Updated Dec 1, 2011 - 12:15 pm
Protesters arrested, pepper sprayed at Westin Kierland
PHOENIX -- Community members and organizations protested Wednesday against groups of conservative lawmakers in Scottsdale with multiple people arrested and pepper sprayed.
Many protesters and police officers were at the protest around Noon on Wednesday.
One protester spoke about why he was joining in on the protest.
"I would just say that anyone out there who is against corporate greed, and who wants to see this "one percent" that you've been hearing about across this country to come out here in Scottsdale to see the corporations and the politicians coming together to draft these laws," Alex Soto said. "And not just laws, but overall policies that are making the rich get richer and not allow everybody else not be a part of the simple human right to just be who we are."
A total of six arrests have been made -- including one for assaulting an officer.
One person with the movement doesn't believe the use of pepper spray was needed.
"A member of the Tohono O'odham Indian Tribe who was pepper sprayed was denied medical treatment," Diane D'Angelo, a media volunteer with Occupy Phoenix, said. "There is no reason to be pepper spraying American citizens who are trying to exercise their first amendment right.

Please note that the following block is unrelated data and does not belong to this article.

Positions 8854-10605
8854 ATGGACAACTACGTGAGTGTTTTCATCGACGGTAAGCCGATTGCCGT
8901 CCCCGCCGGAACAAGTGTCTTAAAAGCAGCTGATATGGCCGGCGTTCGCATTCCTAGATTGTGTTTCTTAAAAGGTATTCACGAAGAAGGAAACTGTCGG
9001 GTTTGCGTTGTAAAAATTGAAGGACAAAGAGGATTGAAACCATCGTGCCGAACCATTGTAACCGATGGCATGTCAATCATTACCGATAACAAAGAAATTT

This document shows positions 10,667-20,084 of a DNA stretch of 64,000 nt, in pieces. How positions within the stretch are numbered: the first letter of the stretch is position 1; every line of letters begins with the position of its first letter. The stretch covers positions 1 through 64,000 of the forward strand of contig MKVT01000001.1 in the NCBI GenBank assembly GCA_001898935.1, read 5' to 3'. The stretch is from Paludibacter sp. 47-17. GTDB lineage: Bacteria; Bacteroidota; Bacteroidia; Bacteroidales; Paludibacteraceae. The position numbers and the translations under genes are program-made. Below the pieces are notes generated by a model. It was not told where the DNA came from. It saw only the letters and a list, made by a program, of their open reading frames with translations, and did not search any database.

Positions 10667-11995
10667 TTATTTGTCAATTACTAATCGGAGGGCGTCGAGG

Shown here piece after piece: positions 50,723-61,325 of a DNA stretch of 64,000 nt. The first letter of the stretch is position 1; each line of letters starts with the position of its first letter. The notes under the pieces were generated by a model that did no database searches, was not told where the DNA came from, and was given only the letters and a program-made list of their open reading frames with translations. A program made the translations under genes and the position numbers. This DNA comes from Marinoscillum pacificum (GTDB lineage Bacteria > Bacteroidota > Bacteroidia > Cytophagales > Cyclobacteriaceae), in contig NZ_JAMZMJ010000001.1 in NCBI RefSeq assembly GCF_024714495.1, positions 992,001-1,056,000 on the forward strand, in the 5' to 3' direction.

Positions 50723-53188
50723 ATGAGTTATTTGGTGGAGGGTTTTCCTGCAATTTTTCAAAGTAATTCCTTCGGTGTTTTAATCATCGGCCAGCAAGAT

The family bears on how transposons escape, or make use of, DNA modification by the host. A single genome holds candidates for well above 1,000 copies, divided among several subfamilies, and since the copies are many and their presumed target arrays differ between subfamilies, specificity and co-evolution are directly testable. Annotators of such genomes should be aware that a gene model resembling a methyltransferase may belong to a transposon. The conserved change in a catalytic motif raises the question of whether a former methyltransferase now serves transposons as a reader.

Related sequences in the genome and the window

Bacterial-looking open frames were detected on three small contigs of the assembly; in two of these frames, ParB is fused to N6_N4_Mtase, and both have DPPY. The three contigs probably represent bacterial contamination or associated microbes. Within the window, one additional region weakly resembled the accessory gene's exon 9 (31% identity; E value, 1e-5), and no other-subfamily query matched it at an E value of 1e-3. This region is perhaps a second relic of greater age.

"I think it is pretty typical of what happens to people who don't have money, or access to power in this country at present. You get turned away, arrested or pepper sprayed. Of course it was excessive."
Various organizations ranging from labor to civil rights groups were there to protest against the American Legislative Exchange Council's States and Nation Summit.
The protesters accuse ALEC of being a massive nonprofit body that brings corporations and legislators together to draft ``model'' legislation like Arizona's SB 1070.
The ALEC Website says legislators from all 50 states are meeting over three days to discuss free-market solutions to create jobs, improve education and jump-start the American economy.
Information from The Associated Press was used in this report.